April 19, 2022

GSCC Students Place Second in Atlantic Council Cyber 9/12 Strategy Challenge

Congratulations, once again, to our students from the MS in Global Security, Conflict, and Cybercrime program who competed in the prestigious Atlantic Council Cyber 9/12 Strategy Challenge, and placed second among 40 global teams.

Cyber 9/12 is a virtual event, which took place on March 25 - 26, and was hosted by the Columbia School of International and Public Affairs. This is an annual cyber policy and strategy competition in which students from around the world compete in a crisis-simulation meets war-gaming exercise.

The CGA team, known as APT2785 aka PURPLE APPLE, included Shagun Nayar, Chad Shroy, Louie Reckford, and Alastair Whitehead. The participants were given intelligence regarding a fictional ongoing, international cyber crisis and were tasked with analyzing the threat and advising the National Security Council on the best course of action to mitigate the crisis.

Dr. Pano Yannakogeorgos, clinical associate professor and program director of MSGSCC, along with his colleagues advised the CGA team. Dr. Yannakogeorgos said: “We are proud of our students taking the time to work diligently and professionally as a team to represent CGA and our cyber program to judges who came from the highest levels of academia, business, and government.”

Yannakogeorgos added, “The GSCC is only entering its third year, and our students are now top performers in this competition. This should build confidence in our current students that our curriculum is preparing them for the workforce, and signal to prospective students that the GSCC program is being validated as not only unique in its approach, but as one of the top programs in the nation. Further, potential employers will recognize that we are developing the talent needed to fill gaps in the policy and strategy cyber workforce.”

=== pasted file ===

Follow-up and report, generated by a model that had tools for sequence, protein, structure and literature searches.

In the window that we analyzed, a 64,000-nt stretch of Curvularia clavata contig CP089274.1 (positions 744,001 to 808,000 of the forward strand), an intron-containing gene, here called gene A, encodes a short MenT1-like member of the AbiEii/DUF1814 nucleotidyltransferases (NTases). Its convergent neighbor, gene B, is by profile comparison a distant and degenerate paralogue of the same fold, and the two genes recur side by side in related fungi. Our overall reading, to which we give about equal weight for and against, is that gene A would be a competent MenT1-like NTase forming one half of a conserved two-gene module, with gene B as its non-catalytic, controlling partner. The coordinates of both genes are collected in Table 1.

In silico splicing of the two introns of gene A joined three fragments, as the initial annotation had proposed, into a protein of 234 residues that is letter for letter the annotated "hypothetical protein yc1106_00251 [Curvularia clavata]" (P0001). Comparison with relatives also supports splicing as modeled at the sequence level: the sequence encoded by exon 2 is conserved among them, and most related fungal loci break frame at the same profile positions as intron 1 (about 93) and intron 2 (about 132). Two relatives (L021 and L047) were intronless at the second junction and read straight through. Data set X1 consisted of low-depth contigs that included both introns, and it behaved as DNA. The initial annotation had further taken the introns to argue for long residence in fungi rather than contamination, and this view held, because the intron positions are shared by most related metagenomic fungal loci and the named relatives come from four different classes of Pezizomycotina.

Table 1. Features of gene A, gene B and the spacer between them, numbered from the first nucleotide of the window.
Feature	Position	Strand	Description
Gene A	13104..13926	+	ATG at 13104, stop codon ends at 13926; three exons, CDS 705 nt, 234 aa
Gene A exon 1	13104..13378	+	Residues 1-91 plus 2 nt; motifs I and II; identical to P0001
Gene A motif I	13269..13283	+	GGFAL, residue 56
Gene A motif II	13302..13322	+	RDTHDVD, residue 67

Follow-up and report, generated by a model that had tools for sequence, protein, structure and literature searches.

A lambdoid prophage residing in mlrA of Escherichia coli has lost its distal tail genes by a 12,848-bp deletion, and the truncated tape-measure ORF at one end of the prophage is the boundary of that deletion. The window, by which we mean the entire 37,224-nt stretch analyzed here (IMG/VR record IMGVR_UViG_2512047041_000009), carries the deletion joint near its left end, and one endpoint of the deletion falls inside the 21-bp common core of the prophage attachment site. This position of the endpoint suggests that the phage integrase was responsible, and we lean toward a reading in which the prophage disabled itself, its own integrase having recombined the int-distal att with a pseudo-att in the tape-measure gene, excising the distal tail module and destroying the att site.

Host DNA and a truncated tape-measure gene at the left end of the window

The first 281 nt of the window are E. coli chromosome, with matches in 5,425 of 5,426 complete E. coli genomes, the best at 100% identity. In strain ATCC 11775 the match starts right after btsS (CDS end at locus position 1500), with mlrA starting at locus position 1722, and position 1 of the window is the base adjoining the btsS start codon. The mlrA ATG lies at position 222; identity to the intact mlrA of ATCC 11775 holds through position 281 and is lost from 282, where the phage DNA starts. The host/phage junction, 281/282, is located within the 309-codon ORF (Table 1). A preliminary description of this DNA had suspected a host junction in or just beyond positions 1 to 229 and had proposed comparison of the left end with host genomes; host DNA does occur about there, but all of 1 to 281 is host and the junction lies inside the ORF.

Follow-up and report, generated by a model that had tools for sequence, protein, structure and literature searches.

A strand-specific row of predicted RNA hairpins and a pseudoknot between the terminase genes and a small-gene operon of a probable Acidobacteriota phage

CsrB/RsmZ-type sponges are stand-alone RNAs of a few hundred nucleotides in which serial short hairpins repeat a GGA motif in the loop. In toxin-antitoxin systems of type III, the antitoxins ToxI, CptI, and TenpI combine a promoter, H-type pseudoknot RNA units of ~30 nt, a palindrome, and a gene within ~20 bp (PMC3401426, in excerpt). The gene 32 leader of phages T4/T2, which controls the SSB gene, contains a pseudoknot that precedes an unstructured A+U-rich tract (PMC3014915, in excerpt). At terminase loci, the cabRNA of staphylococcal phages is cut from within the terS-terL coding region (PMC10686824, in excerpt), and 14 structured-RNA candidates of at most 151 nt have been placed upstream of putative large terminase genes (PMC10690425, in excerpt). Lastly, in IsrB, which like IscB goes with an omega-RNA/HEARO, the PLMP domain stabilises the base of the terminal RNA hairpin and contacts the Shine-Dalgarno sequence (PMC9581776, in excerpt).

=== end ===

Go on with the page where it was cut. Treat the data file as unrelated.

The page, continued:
In a statement to the School of Professional Studies, the members of the team said: “Cyber 9/12 gave us the opportunity to apply our classroom learning to a real-world scenario. We were bound by time constraints that created a life-like sense of urgency to solve the hypothetical cyber crisis facing the nation. Ultimately, we presented the NSC with an executable and comprehensive range of immediate and long-term responses.”

“The issues we considered included: securing national interests, critical infrastructures and key resources, the role of the private sector and public-private partnerships, communications, congressional response, equities with allies, and software supply chain matters. As students, it is reassuring that what we learn in the classroom setting is the type of skills and frameworks of thinking that will be useful in our professional careers.”

The team met regularly in the weeks leading up to the competition, white-boarding policy ideas, writing up decision documents, and creating presentations. In the semifinals, the CGA students competed with teams from Harvard, Cornell, Georgetown, Johns Hopkins, Tel Aviv University, Columbia, and the United States Naval Academy, among others. 

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